Hague Agreement Members

Any legal person or person with a connection to a contracting party can apply for a design, either by the establishment, the residence, the nationality, or by the usual residence. Two acts of the Hague Convention are currently in force: the Geneva Act (1999) and the Hague Act (1960). The filing of a single application for design by habitual residence applies only to contracting parties under the 1999 Act, who are most of the parties. The corporation or corporation can accommodate up to 100 designs in a single international design application, provided they all belong to the same Locarno class. The design application includes at least one reproduction of the design and the name of at least one contracting party. The Hague agreement provides for a system in which a single design application provides access to design protection to more than 68 contracting parties, which can offer protection in up to 81 countries through the International Office of the World Intellectual Property Organization (WIPO). Update of the Hague Agreement On 13 March 2018, the United Kingdom tabled its ratification instrument as a member of the Design Agreement, which comes into force on 13 June 2018. In addition, on July 23, 2018, the Canadian government tabled its instrument of adherence to the Geneva Act of the agreement, which will come into force on November 5, 2018. In summary, the Hague agreement will continue to apply for membership of new members and, given the integration of Mexico`s international trade in its patent monitoring, Mexico could be, in a given opinion, one of the new members that will be included in the Hague agreement in a very short period of time. It should be noted that after the publication of a design application, the Office of each designated contracting party applies its criteria for the reproduction of the design and conducts a physical review on the basis of local legislation for the establishment of a registry or the rejection of an application. Although the Hague agreement is an international treaty, the register or refusal depends on the jurisdiction of the court under the legislation of each party.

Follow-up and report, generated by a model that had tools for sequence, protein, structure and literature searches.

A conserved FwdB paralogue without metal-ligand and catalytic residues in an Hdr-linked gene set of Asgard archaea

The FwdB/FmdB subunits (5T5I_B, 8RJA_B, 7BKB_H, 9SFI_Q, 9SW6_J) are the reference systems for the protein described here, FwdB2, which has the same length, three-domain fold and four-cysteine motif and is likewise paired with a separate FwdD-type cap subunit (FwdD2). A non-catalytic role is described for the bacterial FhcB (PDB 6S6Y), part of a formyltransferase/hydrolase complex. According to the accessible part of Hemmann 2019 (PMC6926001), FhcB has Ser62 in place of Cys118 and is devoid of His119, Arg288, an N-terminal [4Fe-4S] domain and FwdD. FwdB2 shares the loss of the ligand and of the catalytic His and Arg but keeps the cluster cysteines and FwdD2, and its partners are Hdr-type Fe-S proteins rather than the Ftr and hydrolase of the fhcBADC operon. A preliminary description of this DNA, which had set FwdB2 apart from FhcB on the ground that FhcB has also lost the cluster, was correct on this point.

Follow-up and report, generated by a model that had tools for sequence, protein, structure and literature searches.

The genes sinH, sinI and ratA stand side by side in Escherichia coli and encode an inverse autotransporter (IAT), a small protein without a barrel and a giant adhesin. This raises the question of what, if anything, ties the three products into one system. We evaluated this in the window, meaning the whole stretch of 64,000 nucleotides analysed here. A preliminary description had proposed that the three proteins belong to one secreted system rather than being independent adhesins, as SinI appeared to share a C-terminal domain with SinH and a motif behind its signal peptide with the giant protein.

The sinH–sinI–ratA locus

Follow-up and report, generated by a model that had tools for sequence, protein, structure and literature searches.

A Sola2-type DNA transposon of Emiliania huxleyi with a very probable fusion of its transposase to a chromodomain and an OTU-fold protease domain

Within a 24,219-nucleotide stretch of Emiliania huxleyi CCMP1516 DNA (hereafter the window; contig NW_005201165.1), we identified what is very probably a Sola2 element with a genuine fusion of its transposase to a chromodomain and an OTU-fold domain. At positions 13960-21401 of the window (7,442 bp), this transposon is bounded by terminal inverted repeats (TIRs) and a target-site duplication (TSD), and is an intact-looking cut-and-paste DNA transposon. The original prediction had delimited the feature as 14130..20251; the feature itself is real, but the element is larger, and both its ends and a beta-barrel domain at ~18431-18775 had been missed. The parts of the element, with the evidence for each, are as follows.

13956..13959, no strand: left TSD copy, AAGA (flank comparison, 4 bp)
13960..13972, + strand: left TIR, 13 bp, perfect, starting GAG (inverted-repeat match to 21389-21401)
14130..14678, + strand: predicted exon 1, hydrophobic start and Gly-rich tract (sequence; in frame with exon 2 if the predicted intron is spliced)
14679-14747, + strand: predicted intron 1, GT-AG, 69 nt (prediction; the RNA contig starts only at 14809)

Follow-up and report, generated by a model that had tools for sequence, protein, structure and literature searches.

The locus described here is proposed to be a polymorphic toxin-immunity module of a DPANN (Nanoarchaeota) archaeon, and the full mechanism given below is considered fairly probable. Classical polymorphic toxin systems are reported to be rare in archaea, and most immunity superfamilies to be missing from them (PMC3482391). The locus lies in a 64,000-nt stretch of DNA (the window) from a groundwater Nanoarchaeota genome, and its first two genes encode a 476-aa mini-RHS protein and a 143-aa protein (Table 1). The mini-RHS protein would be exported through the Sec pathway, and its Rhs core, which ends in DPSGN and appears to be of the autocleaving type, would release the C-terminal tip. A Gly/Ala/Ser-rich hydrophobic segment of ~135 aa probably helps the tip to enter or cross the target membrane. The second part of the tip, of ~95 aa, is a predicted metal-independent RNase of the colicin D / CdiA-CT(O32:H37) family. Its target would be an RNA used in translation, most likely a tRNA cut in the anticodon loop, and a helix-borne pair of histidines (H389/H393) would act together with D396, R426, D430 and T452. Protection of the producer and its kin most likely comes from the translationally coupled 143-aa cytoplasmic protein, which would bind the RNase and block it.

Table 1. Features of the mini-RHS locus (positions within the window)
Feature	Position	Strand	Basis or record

What does a design cover? Postponement of publication and sovereignty of the mandated parties After an application for a design has been submitted and assuming that it meets all the needs of a formal review, the international office publishes the corresponding registration in an international newsletter of designs whose publication may be postponed for a period of 12 to 30 months from the date of filing or, if the priority is claimed, from the priority date of the application concerned, depending on the act of the designated party. Why postpone a project publication? In certain circumstances, it is important to keep the design confidential prior to launch or to allow, as a “secret state of technology” and/or taking into account all non-member countries of the agreement, to defer third country design requests with Member States as a possible IP strategy. A design can be subdivided into two main groups: industrial models composed of three-dimensional features and industrial designs, oriented towards two-dimensional characteristics as well as lines and colors covering the ornamental or aesthetic aspect of an article or product.